Trace Processing

Design

Profilo comes with a Python library which can parse traces into a semantic trace object. This trace object can then be traversed and examined to extract meaningful metrics.

Trace model

The semantic trace objects follow a hierarchy (or trace model):

Traces consist of execution units.

Execution units consist of blocks. Execution units are usually individual threads in Profilo traces.

Blocks consist of points. A block always has a start and end point. Points within a block can share timestamps but are uniquely identifiable.

Edges can indicate change of control flow between any two points. There's an implicit edge between the start and end points of a block, as well as between the boundary points of consecutive blocks in an execution unit. All other edges must be explicitly created.

All of the above objects can have "annotations" (props in API) attached to them. Annotations are key-value pairs with very loose typing.

--Execution Unit 1--------------------
Block A Block B
[s.--> .e]-->[s --> .e]
| ^ |
v | |
[s-->e] |
Block C |
|
---------------------|----------------
|
--Execution Unit 2---|----------------
|
v Block D
[s --> e]
--------------------------------------

In the diagram above, the edges are as follows:

Edge SourceEdge TargetType
Block A, start pointBlock A, end pointImplicit
Block B, start pointBlock B, end pointImplicit
Block C, start pointBlock C, end pointImplicit
Block D, start pointBlock D, end pointImplicit
Block A, 2nd pointBlock C, start pointExplicit, child call
Block C, end pointBlock A, 3rd pointExplicit, child return
Block B, 2nd pointBlock D, start pointExplicit, async call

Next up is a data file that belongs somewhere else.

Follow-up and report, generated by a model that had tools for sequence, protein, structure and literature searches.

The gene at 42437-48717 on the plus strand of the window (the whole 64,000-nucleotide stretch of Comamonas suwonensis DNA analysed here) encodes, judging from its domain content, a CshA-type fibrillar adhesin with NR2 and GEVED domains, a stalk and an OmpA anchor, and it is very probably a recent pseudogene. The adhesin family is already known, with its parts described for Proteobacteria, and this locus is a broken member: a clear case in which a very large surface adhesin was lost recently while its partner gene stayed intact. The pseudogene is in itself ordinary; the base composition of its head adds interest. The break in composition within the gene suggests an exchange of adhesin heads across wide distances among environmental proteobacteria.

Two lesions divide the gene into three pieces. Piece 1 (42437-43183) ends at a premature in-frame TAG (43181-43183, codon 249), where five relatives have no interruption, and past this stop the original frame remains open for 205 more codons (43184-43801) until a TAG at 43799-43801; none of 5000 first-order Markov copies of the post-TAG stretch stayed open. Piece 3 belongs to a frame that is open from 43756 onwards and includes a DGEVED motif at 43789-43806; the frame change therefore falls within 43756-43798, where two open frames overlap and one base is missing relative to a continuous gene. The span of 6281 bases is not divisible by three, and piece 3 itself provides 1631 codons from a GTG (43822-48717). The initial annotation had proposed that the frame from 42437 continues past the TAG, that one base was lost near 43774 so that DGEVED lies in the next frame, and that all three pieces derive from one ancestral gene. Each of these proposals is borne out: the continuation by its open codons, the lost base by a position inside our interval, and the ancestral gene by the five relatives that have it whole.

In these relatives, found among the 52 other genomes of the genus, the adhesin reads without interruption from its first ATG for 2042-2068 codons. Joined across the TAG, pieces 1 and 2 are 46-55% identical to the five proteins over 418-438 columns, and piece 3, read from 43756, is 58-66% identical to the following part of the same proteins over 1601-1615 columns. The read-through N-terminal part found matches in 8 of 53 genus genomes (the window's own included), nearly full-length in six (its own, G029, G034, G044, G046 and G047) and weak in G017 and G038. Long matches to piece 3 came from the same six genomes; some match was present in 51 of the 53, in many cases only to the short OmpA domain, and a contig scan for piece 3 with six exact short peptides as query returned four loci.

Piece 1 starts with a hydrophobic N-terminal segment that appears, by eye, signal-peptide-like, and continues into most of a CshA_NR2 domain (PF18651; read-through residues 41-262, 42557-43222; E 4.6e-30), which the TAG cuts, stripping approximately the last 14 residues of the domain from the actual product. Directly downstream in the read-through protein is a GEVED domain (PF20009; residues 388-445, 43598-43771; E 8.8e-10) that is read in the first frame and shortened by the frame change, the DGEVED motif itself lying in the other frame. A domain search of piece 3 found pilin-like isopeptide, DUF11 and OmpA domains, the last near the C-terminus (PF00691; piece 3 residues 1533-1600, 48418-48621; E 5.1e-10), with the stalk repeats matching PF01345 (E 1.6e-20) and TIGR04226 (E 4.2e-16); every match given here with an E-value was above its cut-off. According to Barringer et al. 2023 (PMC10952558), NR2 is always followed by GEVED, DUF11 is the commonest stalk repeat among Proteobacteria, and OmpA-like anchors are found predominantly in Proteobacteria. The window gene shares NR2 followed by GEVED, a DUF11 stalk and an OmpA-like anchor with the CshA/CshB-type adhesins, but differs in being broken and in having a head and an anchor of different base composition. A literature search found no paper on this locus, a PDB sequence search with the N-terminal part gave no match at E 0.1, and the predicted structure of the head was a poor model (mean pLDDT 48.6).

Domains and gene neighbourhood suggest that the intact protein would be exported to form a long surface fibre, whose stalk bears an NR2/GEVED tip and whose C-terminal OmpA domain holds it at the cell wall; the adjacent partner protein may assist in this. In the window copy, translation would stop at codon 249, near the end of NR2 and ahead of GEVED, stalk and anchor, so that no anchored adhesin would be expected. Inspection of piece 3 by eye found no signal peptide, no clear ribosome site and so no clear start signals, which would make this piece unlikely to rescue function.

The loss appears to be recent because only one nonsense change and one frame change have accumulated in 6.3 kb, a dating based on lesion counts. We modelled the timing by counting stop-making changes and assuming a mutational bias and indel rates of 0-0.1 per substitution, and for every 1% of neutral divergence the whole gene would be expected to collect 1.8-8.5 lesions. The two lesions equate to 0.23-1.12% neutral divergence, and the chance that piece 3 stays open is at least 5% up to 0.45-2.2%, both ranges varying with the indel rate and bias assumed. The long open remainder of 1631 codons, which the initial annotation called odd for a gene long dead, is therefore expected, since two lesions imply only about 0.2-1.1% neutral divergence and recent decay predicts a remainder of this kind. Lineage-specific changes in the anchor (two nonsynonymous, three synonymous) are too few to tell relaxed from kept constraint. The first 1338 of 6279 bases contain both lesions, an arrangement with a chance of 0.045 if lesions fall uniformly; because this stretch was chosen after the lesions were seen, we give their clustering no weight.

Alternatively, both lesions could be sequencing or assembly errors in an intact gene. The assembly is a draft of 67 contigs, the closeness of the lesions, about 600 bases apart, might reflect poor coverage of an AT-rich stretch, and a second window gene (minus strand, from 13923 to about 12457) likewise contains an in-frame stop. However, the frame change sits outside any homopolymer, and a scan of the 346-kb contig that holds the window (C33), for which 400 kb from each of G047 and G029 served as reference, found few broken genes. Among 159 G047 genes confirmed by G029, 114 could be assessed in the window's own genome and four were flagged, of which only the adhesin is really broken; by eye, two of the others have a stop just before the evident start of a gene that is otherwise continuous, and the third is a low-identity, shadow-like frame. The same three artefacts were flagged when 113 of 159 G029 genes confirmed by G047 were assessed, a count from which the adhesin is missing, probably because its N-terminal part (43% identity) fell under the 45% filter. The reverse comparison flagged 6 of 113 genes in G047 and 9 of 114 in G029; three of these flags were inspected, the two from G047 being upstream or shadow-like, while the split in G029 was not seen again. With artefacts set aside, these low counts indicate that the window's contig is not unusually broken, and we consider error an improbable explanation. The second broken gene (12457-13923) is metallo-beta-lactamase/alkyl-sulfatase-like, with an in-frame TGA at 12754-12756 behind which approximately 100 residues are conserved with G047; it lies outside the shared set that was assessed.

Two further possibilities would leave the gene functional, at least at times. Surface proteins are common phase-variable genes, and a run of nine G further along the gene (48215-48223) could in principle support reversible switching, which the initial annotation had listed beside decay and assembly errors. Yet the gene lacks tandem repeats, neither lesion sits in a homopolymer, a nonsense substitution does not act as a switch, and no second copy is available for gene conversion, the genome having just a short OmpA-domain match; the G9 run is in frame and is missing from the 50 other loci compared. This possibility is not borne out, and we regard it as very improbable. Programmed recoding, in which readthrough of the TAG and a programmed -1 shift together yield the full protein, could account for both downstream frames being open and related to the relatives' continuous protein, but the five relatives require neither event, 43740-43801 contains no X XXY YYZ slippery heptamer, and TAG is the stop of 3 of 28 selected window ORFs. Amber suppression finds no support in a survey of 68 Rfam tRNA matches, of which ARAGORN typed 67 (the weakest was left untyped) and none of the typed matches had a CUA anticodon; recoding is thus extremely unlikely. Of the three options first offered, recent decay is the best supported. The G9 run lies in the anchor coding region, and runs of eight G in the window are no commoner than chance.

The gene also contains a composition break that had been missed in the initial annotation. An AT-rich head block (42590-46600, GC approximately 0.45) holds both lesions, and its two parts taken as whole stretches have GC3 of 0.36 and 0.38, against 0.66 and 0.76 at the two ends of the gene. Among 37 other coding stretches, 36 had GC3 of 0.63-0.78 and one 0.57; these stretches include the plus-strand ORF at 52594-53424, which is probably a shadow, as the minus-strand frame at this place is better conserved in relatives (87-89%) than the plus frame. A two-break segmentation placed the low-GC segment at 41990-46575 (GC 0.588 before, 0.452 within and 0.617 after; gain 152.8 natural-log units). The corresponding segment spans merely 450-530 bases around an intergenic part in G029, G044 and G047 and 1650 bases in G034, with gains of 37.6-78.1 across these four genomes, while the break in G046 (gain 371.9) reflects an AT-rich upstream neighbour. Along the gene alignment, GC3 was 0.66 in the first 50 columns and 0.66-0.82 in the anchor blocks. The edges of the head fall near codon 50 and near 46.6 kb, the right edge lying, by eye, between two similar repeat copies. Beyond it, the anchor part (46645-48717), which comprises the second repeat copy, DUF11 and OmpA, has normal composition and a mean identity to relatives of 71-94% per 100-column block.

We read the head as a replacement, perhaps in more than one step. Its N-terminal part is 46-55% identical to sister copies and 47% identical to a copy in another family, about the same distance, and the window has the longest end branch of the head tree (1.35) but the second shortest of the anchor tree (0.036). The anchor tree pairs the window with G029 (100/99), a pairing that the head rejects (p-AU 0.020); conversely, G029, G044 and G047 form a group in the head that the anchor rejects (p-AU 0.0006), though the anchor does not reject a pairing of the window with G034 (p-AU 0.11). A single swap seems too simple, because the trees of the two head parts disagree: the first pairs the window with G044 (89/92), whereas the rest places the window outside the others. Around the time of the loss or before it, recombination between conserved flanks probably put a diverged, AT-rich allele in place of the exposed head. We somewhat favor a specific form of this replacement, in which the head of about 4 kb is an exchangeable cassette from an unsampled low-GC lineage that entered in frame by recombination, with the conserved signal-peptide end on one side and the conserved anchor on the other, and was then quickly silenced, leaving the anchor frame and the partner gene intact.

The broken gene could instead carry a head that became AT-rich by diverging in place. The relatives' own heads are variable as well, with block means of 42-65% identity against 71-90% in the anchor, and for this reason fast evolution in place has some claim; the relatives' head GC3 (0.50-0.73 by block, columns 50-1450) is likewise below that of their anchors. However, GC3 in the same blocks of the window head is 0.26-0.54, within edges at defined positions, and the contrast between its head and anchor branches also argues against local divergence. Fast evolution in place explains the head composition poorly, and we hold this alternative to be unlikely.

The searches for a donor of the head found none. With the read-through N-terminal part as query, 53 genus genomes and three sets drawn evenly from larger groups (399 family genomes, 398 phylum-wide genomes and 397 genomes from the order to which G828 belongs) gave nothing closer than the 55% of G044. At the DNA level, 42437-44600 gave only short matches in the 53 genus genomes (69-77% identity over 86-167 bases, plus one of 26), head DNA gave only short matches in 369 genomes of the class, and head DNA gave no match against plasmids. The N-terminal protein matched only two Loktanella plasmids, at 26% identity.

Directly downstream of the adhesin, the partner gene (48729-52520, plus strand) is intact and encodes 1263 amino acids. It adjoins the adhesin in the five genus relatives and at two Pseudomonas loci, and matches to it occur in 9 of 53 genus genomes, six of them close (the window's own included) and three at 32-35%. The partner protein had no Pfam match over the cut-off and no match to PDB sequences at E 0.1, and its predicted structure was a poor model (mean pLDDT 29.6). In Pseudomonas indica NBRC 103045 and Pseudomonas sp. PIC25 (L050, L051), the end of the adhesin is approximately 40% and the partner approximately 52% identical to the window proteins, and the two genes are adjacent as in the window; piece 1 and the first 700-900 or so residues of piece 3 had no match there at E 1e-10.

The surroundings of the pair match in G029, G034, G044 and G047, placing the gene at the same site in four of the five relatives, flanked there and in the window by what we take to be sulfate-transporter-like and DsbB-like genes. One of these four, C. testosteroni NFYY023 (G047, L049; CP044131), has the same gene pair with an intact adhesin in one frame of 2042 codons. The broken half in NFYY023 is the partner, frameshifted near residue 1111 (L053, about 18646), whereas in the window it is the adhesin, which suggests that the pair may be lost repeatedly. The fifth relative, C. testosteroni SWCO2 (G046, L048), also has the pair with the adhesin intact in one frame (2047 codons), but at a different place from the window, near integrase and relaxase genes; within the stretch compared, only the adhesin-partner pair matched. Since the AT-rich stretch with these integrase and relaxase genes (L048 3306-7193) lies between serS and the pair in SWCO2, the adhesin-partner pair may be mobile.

Workflow

The complete flow for tracing-downloading-analyzing is as follows:

  1. Ensure you have a environment which contains the dependencies listed in python/requirements.txt. For example, you can use virtualenv like so:

    virtualenv -p python3 env
    source env/bin/activate
    pip3 install -r requirements.txt
  2. Start and stop a trace in the app. (You can use the sample app to play with traces)

  3. Download the trace on a host. This can be done in a few ways:

    a. Navigate to python/ and run

    python3 -m profilo.profilo pull_traces --last <your_application_package>

    In this case:

    python3 -m profilo.profilo pull_traces --last com.facebook.profilo.sample

b. Navigate to python/profilo/device, start an interactive Python shell, and use the "device" module directly:

```
import device
device.pull_last_trace("com.example.package.name")
```

Both approaches will result in a file with the same name as the trace to be created in the current directory.

  1. Analyze the data. A sample demo script is provided in python/profilo/workflow_demo.py.

    You can run from within the python/ folder via python3 -m profilo.workflow_demo --help. Don't forget to activate your virtualenv first, if you are using one.

    The workflow demo contains logic to perform analysis on stacks, blocks, and system counters.

    a. Stacks: Parses the sampled stacks from a trace file into a format similar to that of DTrace. This allows for visualizations such as FlameGraph.

    Note that functions for which we couldn't find symbols will just show up as numbers.

    b. Blocks: Parses the instrumented start-end blocks from a trace file and outputs some per-thread statistics (mean, median, std) about execution times in csv format.

    c. System counters: Parses system counters from a trace file and sorts them by timestamp so as to obtain a time series. A command line argument must be used to define the output path for the generated graphs.